Pain or burning of the tongue can also indicate a vitamin deficiency, such as B12 pernicious anemia (figure 4), and/or vitamins B2, B3, B6, and B9. Other pains in the tongue can be caused by more serious conditions such as oral cancers, which can appear as red and/or white lesions. If any sore does not go away within two weeks, consult your dentist for an examination.

Dental patient with pernicious anemia from B(12) insufficiency. Be prepared to answer patients' questions about oral pathology.
Figure 4:
Patient with pernicious anemia from vitamin B12 insufficiency

Complete loss of taste is called ageusia, partial loss of taste is called hypogeusia, and a distorted sense of taste is called dysgeusia. The most common cause of strange taste is due to medications. The most common peculiar taste is a metallic taste, which is associated with some forms of antibiotics, antihistamines, antifungals, antipsychotics, blood pressure medications, diabetes medications, seizure medications, and Parkinson’s disease medications.

Other more common conditions that can change one's taste are dry mouth, colds or flu, smoking, loss of smell, and nutritional deficiencies (vitamin B12 and zinc)


No. 4: Are there any other small symptoms that could indicate larger problems? If so, what are they?

Koplik's spots appear two to three days before the measles rash and look like clustered white lesions on tissues near the lower first and second molars. They are usually the first signs of measles and manifest in the oral cavity. Other autoimmune diseases—such as pemphigoid and pemphigus (figure 5)—can appear as inflamed gum tissue and may be signs of other more serious conditions.

Most of the time the condition you have is either cavities or periodontal disease. However, on that rare occasion when your oral pathology is not due purely to dental disease and your sores do not go away after two weeks, be sure to consult with a dental professional.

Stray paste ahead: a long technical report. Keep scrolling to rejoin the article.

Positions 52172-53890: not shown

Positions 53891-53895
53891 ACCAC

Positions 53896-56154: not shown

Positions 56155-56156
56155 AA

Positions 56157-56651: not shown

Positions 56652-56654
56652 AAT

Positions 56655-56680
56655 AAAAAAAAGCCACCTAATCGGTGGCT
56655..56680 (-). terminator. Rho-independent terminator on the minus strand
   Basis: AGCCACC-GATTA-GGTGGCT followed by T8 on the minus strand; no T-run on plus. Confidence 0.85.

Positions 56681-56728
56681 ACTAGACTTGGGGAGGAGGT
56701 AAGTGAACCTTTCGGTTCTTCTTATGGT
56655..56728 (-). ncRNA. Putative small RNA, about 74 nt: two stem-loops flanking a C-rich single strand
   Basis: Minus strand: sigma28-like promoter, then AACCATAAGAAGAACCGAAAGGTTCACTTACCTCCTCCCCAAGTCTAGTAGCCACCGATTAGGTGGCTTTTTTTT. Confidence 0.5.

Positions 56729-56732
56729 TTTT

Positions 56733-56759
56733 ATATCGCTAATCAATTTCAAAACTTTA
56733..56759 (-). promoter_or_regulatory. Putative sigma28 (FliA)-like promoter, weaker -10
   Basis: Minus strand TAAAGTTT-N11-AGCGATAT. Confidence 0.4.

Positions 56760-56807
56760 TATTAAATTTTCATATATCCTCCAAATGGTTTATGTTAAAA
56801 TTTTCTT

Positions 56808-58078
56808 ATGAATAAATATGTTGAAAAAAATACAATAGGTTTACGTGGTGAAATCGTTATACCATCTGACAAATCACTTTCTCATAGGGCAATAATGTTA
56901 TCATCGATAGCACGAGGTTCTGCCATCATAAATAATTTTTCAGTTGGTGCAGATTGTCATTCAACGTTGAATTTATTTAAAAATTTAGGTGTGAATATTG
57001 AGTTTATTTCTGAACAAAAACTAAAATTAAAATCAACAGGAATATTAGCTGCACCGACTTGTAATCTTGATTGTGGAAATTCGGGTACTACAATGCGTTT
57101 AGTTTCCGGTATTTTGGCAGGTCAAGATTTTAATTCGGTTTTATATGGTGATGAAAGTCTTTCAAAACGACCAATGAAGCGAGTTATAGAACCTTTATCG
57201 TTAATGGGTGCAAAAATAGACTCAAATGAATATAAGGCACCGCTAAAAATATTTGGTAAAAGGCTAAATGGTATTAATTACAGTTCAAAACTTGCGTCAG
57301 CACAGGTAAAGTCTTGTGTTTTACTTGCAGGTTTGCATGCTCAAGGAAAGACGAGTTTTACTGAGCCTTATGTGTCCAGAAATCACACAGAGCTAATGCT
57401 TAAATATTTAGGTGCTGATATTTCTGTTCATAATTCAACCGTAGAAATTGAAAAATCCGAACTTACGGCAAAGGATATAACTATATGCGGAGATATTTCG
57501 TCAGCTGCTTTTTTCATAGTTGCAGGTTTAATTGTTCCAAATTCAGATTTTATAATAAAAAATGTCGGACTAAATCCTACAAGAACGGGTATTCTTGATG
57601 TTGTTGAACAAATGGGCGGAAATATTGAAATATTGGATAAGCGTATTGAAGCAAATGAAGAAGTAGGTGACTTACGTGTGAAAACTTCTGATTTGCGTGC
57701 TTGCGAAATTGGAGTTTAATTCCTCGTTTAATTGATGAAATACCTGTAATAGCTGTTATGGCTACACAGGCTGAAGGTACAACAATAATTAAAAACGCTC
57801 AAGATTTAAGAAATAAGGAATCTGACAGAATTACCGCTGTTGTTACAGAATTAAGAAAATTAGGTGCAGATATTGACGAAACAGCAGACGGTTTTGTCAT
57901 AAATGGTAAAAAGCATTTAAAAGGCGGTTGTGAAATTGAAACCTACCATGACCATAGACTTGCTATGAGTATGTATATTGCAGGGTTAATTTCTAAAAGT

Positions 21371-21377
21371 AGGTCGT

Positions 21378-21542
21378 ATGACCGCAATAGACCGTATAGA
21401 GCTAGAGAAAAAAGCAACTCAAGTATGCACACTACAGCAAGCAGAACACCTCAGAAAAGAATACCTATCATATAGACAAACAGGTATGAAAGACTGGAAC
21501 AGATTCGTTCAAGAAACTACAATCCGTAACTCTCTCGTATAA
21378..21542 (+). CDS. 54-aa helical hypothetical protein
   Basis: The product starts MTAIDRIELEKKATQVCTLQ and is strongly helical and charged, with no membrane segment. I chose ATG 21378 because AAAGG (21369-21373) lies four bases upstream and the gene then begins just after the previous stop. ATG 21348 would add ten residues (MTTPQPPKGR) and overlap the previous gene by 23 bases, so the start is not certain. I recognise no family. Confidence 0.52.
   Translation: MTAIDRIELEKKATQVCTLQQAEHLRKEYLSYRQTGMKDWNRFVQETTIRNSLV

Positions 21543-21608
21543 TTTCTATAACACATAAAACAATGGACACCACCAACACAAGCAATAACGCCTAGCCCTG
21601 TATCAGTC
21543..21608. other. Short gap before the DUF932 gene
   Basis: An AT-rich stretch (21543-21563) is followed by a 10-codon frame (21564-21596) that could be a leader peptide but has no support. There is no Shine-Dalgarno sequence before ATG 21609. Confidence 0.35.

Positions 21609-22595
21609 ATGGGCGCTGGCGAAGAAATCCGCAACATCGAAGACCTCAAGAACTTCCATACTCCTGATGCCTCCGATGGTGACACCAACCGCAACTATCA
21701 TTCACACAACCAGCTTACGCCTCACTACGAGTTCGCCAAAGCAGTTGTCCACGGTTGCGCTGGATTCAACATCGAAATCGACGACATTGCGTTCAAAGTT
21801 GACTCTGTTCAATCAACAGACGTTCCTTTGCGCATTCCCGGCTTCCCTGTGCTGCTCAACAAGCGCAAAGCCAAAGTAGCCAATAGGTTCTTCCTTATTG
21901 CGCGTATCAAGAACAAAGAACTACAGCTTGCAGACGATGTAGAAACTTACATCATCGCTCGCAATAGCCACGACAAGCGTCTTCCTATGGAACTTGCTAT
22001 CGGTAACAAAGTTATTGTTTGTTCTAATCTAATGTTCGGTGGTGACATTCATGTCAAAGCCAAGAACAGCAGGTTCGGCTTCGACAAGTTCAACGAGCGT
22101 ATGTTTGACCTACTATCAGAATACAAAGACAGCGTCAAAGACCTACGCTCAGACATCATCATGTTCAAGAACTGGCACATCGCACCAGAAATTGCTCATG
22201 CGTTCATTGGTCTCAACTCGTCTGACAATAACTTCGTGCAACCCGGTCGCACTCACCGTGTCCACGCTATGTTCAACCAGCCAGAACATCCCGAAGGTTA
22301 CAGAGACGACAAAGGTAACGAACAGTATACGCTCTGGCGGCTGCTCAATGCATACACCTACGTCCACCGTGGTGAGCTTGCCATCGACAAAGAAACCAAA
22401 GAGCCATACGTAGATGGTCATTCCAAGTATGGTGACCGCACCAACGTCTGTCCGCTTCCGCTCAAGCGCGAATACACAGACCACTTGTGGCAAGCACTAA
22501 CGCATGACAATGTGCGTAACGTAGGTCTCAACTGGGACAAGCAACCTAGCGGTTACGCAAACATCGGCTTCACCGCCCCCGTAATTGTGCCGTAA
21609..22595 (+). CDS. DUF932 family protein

Dental patient diagnosed with systemic disease pemphigus
Figure 5:
Patient diagnosed with pemphigus


No. 5: Is bad breath caused by other oral health issues?

Bad breath—also known as halitosis—can be caused by oral health issues, systemic medical problems, and/or a combination of both. It is estimated that 80% of halitosis is caused by oral diseases such as bacteria from cavities and bacteria found in the deepened sulcus of the gingival tissue, dorsum of the tongue, and saliva. Certain bacteria in the oral cavity that are responsible for a breakdown of products that contain volatile sulfur compounds (VSCs) are most known as the causal agents for halitosis. The VSCs most associated with halitosis are methyl mercaptan, hydrogen sulfide, and dimethyl sulfide.

Additional oral causes of halitosis (usually the causal agent of bad breath 20% of the time) can be from issues such as gastroesophageal reflux disorder (GERD), sinusitis, metabolic disorders, respiratory disorders, and immunologic disorders.



Scott Froum, DDS, a graduate of the State University of New York, Stony Brook School of Dental Medicine, is a periodontist in private practice at 1110 2nd Avenue, Suite 305, New York City, New York. He is the editorial director of Perio-Implant Advisory and serves on the editorial advisory board of Dental Economics. Dr. Froum, a diplomate of the American Board of Periodontology, is a clinical associate professor at SUNY Stony Brook School of Dental Medicine in the Department of Periodontology. He serves on the board of editorial consultants for the Academy of Osseointegration's Academy News. Contact him through his website at drscottfroum.com or (212) 751-8530.